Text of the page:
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Stanley Nelson’s Firelight Media Launches Fund for Mid-Career Filmmakers of Color



Stanley Nelson

By Daniele Alcinii,

Harlem-based prodco Firelight Media, founded by Peabody- and Emmy award- winning filmmaker Stanley Nelson, is launching an international development fund for diverse filmmakers.

The William Greaves Fund, launching later this year, will offer financial and mentorship support to non-fiction filmmakers of color at the mid-points in their careers. The fund aims to ensure that talented storytellers remain in the field and continue to create important stories focused on underrepresented people and topics.

William Greaves

The William Greaves Fund will comprise of seven to 10 grants of up to US$25,000 annually, which will be used to finance research and the development of film treatments, decks, sizzle reels, and other materials necessary for fundraising.
In addition to financial support, Firelight will provide mentorship throughout the development and production process.

Throughout its inaugural year, the William Greaves Fund will be open to applicants based in the U.S., Mexico, Puerto Rico, Colombia and Brazil. In its sophomore year, the fund will expand to include filmmakers of color throughout Europe and in the Global South.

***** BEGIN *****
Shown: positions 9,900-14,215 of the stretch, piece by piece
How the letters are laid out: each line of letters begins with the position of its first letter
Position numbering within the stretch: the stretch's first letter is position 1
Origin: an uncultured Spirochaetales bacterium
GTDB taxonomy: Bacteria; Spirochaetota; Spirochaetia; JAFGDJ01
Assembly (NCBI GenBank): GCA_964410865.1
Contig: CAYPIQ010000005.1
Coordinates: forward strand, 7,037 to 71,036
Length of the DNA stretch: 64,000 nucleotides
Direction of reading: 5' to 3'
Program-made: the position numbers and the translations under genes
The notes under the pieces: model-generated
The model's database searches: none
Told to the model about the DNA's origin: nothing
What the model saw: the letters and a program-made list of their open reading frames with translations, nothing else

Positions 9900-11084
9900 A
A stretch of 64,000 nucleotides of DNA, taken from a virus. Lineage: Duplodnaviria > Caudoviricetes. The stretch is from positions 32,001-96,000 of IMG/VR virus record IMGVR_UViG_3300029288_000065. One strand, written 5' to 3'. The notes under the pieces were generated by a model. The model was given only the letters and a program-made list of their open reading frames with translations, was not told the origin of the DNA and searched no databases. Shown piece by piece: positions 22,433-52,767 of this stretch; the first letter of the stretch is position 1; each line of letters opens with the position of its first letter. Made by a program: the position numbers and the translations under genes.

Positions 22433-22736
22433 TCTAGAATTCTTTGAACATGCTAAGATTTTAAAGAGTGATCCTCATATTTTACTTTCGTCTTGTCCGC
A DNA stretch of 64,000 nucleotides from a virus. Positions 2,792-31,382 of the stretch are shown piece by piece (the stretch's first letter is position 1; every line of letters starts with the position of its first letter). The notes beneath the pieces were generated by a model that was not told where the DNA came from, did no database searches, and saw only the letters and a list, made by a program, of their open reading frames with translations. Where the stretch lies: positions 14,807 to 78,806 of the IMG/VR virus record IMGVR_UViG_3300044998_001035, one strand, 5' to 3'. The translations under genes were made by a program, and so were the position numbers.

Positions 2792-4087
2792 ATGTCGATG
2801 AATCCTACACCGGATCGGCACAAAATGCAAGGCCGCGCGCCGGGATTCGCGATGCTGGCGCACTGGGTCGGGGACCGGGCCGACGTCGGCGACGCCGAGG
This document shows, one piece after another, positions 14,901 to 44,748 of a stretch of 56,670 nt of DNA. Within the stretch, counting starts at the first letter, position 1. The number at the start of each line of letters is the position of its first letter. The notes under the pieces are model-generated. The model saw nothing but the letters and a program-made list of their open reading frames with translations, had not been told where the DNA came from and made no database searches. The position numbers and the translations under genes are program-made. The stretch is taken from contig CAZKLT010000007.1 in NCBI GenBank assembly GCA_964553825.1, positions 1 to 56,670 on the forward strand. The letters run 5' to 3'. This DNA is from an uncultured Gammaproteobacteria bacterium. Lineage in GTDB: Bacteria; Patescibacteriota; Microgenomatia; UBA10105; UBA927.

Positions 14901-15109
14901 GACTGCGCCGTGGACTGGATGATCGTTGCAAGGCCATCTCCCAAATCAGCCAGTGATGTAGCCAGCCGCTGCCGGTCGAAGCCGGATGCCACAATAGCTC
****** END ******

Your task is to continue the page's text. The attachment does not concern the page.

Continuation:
The call for proposals opens March 1.
Further information on the William Greaves Fund, including submission requirements, will be made available in the coming weeks.

The fund was named after William Greaves, who produced the seminal television newsmagazine Black Journal and 200-plus documentaries throughout his 60-year career.
“I was lucky enough to have Bill Greaves as my first and most important mentor,” said Nelson (pictured) in a statement. “He was a giant in the documentary field who was generous enough to share his wealth of knowledge with younger generations. In creating our Documentary Lab program, I felt that it was vital to carry on his legacy of mentorship and I’m thrilled that we are now able to establish this new international initiative in his name.”

“Over the past 10 years, we have seen too many filmmakers of color have to completely abandon the field because they can’t get their next projects off the ground,” added Loira Limbal, SVP of programs at Firelight. “Even after producing award-winning feature documentaries and creating real world impact, they can’t garner the needed support. The William Greaves Fund is Firelight’s response to this persistent problem.”

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